My maternal grandparents, Ernest Moore and Mary Ann Wiseman were born towards the end of Queen Victoria’s life.
Victoria, born in 1819 had become Queen in 1837 and would live until 1901. Outside of their immediate family circumstances, what kind of Britain had Ernest and Mary Ann been born into?
Victoria became Queen at the age of 18 and by the end of her reign it had become almost impossible to imagine a Britain without her.
If Ernest and Mary Ann had been able to look back to what had happened in the country since Victoria’s Coronation, what are a few of the things would they have seen?
They would know that the first photograph was taken by William Henry Fox-Talbot in Britain and disputed by the French who claimed that Louis Daguerre had taken it.
The first postage stamps had come into use and would have Victoria’s head on them for 64 years, a period that might not have been so long if John Francis’ assassination attempt on Victoria had succeeded five years into her reign.
They wouldn’t have had to work in the coal mines until after they were ten years old and thanks to the Factory Act, they wouldn’t be obliged to work more than 6.5 hours a day between the ages of 8 and 13.
They could have read the first edition of Charles Dickens “A Christmas Carol” in 1843, which sold out completely in six days.
If they were anywhere near Gawthorpe Hall they might have caught a glimpse of Charlotte Bronte, author of Jane Eyre who was a friend of the Shuttleworth family.
The railways arrived, the first post boxes built and over in America, the patron saint of children everywhere, Joseph Fussell, invented ice cream.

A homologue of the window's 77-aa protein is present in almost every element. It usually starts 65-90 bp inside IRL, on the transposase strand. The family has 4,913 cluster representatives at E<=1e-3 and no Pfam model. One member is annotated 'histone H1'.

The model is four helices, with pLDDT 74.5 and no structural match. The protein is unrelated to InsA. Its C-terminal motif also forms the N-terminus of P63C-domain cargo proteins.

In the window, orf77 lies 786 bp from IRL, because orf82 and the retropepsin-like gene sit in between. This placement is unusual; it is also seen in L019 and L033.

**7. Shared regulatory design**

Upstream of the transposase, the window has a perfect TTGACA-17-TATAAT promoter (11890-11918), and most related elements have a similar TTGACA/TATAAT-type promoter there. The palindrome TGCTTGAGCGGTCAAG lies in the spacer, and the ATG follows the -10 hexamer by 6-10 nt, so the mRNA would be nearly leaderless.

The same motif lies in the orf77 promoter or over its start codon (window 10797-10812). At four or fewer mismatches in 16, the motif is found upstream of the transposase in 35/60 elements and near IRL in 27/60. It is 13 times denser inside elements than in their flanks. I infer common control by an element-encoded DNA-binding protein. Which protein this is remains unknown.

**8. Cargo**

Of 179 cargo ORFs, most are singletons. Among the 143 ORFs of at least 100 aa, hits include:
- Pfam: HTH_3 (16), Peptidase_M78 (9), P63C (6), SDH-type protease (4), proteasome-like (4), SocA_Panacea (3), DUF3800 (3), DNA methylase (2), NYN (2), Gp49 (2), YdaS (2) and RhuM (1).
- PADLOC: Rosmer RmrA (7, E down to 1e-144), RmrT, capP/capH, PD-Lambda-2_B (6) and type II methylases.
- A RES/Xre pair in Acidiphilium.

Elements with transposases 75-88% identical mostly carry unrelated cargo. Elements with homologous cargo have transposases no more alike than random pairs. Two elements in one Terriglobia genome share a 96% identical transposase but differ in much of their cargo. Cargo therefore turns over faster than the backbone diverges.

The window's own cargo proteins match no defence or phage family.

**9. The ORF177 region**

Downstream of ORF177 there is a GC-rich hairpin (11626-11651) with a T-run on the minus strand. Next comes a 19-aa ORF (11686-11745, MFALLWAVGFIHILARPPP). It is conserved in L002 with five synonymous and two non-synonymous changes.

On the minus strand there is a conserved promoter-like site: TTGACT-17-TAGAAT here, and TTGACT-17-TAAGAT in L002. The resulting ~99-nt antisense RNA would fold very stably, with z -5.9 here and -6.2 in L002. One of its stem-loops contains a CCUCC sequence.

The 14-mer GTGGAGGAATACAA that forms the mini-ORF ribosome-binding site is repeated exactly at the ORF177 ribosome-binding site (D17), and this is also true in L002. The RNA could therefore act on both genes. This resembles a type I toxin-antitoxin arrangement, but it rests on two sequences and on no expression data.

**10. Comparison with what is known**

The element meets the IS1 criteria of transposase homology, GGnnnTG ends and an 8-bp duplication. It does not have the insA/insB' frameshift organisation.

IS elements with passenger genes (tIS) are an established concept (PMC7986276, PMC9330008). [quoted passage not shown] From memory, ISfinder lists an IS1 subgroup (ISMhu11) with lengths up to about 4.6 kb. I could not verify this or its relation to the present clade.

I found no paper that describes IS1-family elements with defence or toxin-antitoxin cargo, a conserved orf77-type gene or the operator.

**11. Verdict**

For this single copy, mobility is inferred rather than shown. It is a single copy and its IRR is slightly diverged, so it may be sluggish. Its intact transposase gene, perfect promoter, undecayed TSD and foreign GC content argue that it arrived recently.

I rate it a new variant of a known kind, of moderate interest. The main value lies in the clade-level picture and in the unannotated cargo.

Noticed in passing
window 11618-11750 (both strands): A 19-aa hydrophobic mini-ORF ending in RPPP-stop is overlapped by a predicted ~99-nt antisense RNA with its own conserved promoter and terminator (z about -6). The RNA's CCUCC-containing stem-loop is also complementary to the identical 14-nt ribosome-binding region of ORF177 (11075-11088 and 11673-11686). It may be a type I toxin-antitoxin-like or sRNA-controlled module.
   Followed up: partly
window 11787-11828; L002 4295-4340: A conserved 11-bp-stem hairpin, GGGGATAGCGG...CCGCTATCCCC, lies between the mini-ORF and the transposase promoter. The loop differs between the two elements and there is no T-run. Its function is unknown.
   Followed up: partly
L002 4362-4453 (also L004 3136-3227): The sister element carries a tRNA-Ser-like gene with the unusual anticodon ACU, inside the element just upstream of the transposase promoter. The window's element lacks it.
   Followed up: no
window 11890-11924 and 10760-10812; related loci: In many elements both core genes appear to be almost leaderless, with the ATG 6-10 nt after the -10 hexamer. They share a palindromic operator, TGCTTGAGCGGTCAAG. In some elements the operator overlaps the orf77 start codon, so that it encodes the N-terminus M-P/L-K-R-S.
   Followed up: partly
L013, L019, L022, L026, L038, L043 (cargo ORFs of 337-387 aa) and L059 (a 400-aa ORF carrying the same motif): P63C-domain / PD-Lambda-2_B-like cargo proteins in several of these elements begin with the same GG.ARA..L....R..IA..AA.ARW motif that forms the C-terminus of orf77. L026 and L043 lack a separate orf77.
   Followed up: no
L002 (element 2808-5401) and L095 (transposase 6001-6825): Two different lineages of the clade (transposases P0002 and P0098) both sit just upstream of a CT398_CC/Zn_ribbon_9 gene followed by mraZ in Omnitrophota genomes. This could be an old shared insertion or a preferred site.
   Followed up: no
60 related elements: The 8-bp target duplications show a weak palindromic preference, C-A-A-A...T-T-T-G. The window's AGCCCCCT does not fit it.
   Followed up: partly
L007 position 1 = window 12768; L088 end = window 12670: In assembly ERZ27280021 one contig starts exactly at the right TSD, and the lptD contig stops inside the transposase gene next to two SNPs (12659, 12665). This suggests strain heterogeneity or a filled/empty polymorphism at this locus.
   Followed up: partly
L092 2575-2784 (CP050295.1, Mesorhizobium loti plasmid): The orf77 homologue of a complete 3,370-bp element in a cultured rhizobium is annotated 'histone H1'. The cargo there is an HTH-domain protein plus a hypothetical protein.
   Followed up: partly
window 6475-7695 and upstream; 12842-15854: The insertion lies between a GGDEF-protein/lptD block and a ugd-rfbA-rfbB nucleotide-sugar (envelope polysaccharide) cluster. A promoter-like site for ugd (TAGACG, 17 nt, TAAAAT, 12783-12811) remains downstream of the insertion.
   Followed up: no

If they had been able to make the long trip to London in 1852, they would have seen the first public flushing toilet. They still wouldn’t have one of their own in Burnley in 1952.
Ernest would have been shocked at the slaughter of the Light Brigade in the Crimean War but thrilled that Britain won it in 1856.
Florence Nightingale, “The Lady with the Lamp,” would have caught their attention.
Two years later they would have waved their Union Jacks as India came under British rule and the 39-year-old Queen Victoria became Empress of India.
Fifteen years on and they’d have seen the Empress wearing black after the death of her husband, Prince Albert from Typhoid, a disease that would have been a threat to them, too.
Ernest would have been relieved that he now couldn’t be made to work as a chimney sweep until after he was 10 and he’d probably have wanted to go to the first FA Cup Final in 1872. He’d certainly have wanted to emulate Captain Matthew Webb who took 22 hours to become the first man to swim the English Channel.
Whether either of them would have enjoyed hearing the news that from 1880 the Education Act made schooling compulsory for all children between the ages of 5 and 10, is another matter.
Shakespeare knew about schoolboys creeping like snails unwillingly to school.
Mary Ann would have been fascinated to hear Thomas Edison’s first phonograph recording of a human voice reciting, ”Mary had a little lamb.”
As the Queen’s Empire grew like a pink rash on maps of the world, they might have been pleased to see that Britain had taken control of Egypt and established a colony in Nigeria.
Between the ages of 5 and 13 they would, in 1891, benefit from free education although their young lives would be put in a bit more peril on the roads when a couple of years before they were born, the speed limit for the new horseless carriages was raised from 4 to 14 miles per hour.
As the 19th century drew to a close, Ernest could look forward to celebrating his fourth birthday in the 20th Century and Mary Ann her third.
I would have to wait another 42 years for mine.